The W3C Semantic Web Activity (www.w3.org/2001/sw/) plays a leadership role in both the design of specifications and the open, collaborative development of technologies focused on representing relationships and meaning and the automation, integration and reuse of data. The base level RDF 1.0 standard was defined in 1999. RDF 1.0 and RDF Schema (RDF Vocabularies) are currently being refined based on implementation experience, and more expressive higher layers are being addressed.

The base level standards for supporting the Semantic Web are currently being refined by the RDF Core (www.w3.org/2001/sw/RDFCore/) Working Group. This group is chartered to revise and formalize the original RDF Model and Syntax Recommendation (www.w3.org/TR/1999/REC-rdf-syntax-19990222/), which provides a simple, yet powerful, assertional framework for representing information in the Web. Additionally, this group is tasked to layer upon this general descriptive framework a simple means for defining RDF Vocabularies (www.w3.org/TR/rdf-schema/). RDF Vocabularies are descriptive terms such as service, book, image, title, description or rights that are useful to communities interested in recoding information in a way that enables effective reuse, integration and aggregation of data. Additional deliverables include a precise semantic theory (www.w3.org/TR/rdf-mt/) associated with these standards useful for supporting future work, as well as a primer (www.w3.org/TR/rdf-primer/) designed to provide the reader the basic fundamentals required to effectively use RDF in their particular applications.

The Web Ontology (www.w3.org/2001/sw/WebOnt/) Working Group standards efforts are designed to build upon the RDF core work a language, OWL (www.w3.org/TR/owl-ref/), for defining structured, Web-based ontologies. Ontologies can be used by automated tools to power advanced services such as more accurate Web search, intelligent software agents and knowledge management. Web portals, corporate website management, intelligent agents and ubiquitous computing are just some of the identified scenarios (www.w3.org/TR/webont-req/) that helped shape the requirements for this work.

Semantic Web Advanced Development (SWAD)

Code modules such as libwww (www.w3.org/Library/) accelerated the early deployment of the Web, and to a similar end the W3C is devoting resources to the creation and distribution of components to assist in the deployment of the Semantic Web.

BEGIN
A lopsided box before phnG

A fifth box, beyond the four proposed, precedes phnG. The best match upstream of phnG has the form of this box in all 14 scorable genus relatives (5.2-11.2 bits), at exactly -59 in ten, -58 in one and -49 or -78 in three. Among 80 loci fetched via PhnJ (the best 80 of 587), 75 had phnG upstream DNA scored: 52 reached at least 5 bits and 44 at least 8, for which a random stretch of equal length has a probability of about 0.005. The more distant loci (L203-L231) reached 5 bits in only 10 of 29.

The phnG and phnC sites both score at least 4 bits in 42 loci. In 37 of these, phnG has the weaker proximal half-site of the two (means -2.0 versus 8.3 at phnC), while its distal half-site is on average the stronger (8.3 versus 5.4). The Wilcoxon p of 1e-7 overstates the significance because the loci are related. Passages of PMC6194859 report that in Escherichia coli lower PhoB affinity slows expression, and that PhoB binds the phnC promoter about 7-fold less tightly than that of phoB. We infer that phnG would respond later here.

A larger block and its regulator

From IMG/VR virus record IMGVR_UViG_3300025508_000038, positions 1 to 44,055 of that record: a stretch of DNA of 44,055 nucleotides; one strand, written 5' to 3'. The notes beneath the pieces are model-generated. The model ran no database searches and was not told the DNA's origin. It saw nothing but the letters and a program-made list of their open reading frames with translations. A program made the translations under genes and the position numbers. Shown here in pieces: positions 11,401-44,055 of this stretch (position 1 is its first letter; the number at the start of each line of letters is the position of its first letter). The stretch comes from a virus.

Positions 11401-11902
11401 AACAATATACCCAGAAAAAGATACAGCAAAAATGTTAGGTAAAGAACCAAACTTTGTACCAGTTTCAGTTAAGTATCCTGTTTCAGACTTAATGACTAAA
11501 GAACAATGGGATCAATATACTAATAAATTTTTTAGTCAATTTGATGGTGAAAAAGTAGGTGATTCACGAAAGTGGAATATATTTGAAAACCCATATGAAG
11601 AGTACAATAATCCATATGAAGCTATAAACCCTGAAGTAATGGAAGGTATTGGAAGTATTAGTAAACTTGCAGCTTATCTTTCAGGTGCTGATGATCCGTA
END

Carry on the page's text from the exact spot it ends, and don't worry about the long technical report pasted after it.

These W3C Semantic Web Advanced Development initiatives are designed to work in collaboration with a large number of researchers and industrial partners to stimulate various complementary areas of development that will help facilitate further deployment and future standards work associated with the Semantic Web.

SWAD DAML. SWAD DAML is a project within the Defense Advanced Research Project Agency (DARPA) Agent Markup Language (DAML) (www.daml.org/) Program. The SWAD DAML (www.w3.org/2000/01/sw/daml) project combines research and development to define the architectural layering of the languages of the Semantic Web infrastructure. SWAD DAML builds critical components of that infrastructure and demonstrates how those components can be used by practical, user-oriented applications. It both seeks to define a logic language framework on top of RDF and the OWL vocabulary and to build basic tools for working with RDF, OWL and this logic framework.

To demonstrate some practical applications of these tools to manipulate structured information, SWAD DAML is deploying them to maintain the ongoing activities of the W3C, including access control, collaboration, document workflow tracking and meeting management. Another component of SWAD DAML is focused on the informal and often heuristic processes involved in document management in a personalized information environment. Integrated into SWAD DAML will be tools to enable authors to control terms under which personal or sensitive information is used by others, a critical feature to encourage sharing of semantic content.

SWAD-Europe. SWAD-Europe (www.w3.org/2001/sw/Europe/) aims to highlight practical examples of where real value can be added to the Web through Semantic Web technologies. The focus of this Advanced Development initiative is on providing practical demonstrations of how (1) the Semantic Web can address problems in areas such as sitemaps, news channel syndication, thesauri, classification, topic maps, calendaring, scheduling, collaboration, annotations, quality ratings, shared bookmarks, Dublin Core (http://dublincore.org/) for simple resource discovery, Web service description and discovery, trust and rights management and (2) effectively and efficiently integrate them.

The focus of the SWAD-Europe deliverables are to exploit the enabling standards that have already been developed and not to depend upon future technologies identified with the Semantic Web architecture. Thus, the SWAD-Europe work is demonstrating the potential of what can be built on existing Semantic Web standards.

SWAD-Europe will additionally engage in exploratory implementation and pre-consensus design in such areas as querying and the integration of multiple Semantic Web technologies. This effort will provide input and experiences to future standards work.